Research says THIS is the reason we need to parent boys very differently
I never fully believed that boys and girls were all that different – certainly not when they are small – until I had one of each of my own and could see for myself just how – at least when it comes to certain traits and behaviours – different they really are.
Where my little girl was always a social butterfly, outgoing, content and confident in new settings and with new people, it always seemed to take my little boy that little bit longer to let go of my hand and join in the games or approach someone or something new.
Interestingly, a new study has now shed some light on this subject, and why we actually need to parent baby boys differently to how we parent our little girls.
In an article written by Darcia Narvaez Ph.D. in Psychology Today entitled, “Be Worried About Boys, Especially Baby Boys” the author says we should be worried about how we are treating boys early in their lives.
The reason? Boys mature more slowly both physically, socially and linguistically than girls. As well as this, stress-regulating brain circuitries mature more slowly in boys both prenatally, perinatally and postnatally.
What this means, according to the author, is that boys are affected more negatively by early environmental stress, inside and outside the womb, than are girls.
“Girls have more built-in mechanisms that foster resiliency against stress, whereas boys are more vulnerable to maternal stress and depression in the womb, birth trauma (e.g., separation from mother), and unresponsive caregiving (caregiving that leaves them in distress),” Narvaez writes.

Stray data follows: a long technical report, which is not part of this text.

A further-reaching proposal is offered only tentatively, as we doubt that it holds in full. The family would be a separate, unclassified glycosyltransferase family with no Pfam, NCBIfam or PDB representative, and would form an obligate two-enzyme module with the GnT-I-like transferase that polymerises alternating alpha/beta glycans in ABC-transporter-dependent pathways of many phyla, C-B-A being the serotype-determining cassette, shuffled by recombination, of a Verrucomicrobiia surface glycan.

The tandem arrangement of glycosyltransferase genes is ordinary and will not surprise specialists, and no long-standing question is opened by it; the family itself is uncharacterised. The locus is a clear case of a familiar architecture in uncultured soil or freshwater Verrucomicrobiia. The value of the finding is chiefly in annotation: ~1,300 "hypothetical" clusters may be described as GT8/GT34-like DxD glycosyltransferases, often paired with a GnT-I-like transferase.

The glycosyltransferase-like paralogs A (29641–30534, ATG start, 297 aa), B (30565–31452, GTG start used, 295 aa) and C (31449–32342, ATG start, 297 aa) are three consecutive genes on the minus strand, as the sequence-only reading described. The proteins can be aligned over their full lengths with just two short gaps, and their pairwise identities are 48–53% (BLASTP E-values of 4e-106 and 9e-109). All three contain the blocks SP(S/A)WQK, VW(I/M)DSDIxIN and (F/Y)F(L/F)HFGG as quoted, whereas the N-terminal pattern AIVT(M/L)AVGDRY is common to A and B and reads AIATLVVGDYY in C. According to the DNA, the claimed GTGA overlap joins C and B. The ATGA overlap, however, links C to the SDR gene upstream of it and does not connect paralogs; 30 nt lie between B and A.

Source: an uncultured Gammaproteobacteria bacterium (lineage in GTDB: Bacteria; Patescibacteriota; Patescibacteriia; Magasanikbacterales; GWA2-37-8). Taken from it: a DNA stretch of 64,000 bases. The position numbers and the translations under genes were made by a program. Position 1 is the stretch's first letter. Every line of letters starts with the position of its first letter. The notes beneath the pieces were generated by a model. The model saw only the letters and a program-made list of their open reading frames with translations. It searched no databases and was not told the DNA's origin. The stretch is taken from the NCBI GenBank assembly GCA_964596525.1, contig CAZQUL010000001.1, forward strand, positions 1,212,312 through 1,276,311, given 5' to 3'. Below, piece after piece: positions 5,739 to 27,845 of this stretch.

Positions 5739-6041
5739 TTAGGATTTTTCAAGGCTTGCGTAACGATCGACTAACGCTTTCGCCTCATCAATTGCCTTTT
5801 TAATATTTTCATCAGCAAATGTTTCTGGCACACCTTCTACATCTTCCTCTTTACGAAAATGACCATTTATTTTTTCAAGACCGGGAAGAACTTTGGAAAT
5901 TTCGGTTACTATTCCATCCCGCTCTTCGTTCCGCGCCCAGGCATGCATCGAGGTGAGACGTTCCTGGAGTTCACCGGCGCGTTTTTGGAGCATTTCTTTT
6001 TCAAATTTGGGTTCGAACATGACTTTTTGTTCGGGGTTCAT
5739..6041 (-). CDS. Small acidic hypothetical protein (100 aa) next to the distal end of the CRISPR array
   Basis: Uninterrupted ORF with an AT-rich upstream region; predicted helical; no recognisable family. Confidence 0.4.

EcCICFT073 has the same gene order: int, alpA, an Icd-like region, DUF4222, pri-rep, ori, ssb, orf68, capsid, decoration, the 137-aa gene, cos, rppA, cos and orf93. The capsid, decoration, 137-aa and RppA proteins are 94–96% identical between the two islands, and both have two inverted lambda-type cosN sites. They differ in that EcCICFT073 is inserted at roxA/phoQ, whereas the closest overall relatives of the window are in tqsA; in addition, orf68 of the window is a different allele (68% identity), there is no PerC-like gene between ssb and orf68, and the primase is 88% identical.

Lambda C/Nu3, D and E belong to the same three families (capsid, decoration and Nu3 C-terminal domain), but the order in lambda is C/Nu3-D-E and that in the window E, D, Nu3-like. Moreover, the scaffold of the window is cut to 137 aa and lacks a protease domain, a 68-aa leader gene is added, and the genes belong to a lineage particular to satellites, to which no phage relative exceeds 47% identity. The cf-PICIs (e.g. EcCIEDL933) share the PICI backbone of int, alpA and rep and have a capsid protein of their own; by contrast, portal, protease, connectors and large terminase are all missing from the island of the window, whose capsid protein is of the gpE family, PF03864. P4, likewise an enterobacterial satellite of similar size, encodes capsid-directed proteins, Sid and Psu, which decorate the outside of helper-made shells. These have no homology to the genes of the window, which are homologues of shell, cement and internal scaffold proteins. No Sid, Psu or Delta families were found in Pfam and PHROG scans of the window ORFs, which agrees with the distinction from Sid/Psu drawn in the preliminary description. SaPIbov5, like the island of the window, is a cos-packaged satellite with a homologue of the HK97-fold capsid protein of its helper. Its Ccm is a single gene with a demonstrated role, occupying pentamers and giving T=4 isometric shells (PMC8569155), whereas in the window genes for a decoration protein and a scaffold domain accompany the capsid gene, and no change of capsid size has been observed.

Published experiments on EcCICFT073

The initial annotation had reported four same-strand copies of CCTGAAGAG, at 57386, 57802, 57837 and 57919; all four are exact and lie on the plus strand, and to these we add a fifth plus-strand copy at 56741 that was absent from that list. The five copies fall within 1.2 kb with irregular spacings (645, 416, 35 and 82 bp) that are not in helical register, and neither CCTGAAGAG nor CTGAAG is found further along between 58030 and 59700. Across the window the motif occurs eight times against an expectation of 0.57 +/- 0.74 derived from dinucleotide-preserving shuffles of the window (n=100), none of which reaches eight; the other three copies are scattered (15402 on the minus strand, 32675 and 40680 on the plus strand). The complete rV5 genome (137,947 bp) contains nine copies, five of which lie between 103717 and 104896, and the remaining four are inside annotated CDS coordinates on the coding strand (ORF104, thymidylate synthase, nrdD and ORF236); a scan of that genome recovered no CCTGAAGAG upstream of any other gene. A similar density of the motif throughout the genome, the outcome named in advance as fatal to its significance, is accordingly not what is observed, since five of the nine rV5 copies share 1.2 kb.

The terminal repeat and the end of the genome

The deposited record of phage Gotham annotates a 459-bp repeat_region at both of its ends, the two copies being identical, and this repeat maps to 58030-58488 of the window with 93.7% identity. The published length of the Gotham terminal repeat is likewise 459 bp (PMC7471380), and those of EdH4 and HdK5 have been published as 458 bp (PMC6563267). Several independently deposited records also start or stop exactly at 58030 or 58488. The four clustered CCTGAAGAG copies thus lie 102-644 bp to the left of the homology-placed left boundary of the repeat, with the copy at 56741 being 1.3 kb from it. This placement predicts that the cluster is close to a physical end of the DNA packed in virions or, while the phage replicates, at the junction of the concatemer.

“Exposing newborn male . . . to separation stress causes an acute strong increase of cortisol and can therefore be regarded as a severe stressor,” Dr. Narvaez cites. Repeated separation results in hyperactive behavior, and “changes . . . prefronto-limbic pathways, i.e. regions that are dysfunctional in a variety of mental disorders.”
Boys need to be treated with kindness and cuddles
The research also shows that boys should be treated with “tenderness and respect for their needs for cuddling and kindness.”
“Mothers, fathers and other caregivers should avoid any extensive distress in the child—‘enduring negative effect.’ Instead of the normalized harsh treatment of males (‘to make them men’) by letting them cry as babies and then telling them not to cry as boys, by withholding affection and other practices to ‘toughen them up,’ young boys should be treated in the opposite way.”
At 6 months, boys show more frustration than girls, and at 12 months, boys show a greater reaction to negative stimuli.
Even more importantly, the research shows that boys are more vulnerable to neuropsychiatric disorders that appear developmentally, such as autism, early onset schizophrenia, ADHD, and conduct disorders. These have been increasing in recent decades, and the author wonders if this could indeed be linked to putting kids younger and younger into daycare settings.
“Boys . . . are more demanding social partners, have more difficult times regulating their affective states, and may need more of their mothers support to help them regulate affect."
In fact, Schore says that separation from the mother at an early age is detrimental to the boys’ brain.
“In light of the male infant’s slower brain maturation, the secure mother’s attachment-regulating function as a sensitively responsive, interactive affect regulator of his immature right brain in the first year is essential to optimal male socioemotional development.”
Well, this is certainly interesting, I think, and just goes to show how utterly damaging those old "toughen up" and "boys don't cry" ideologies really are.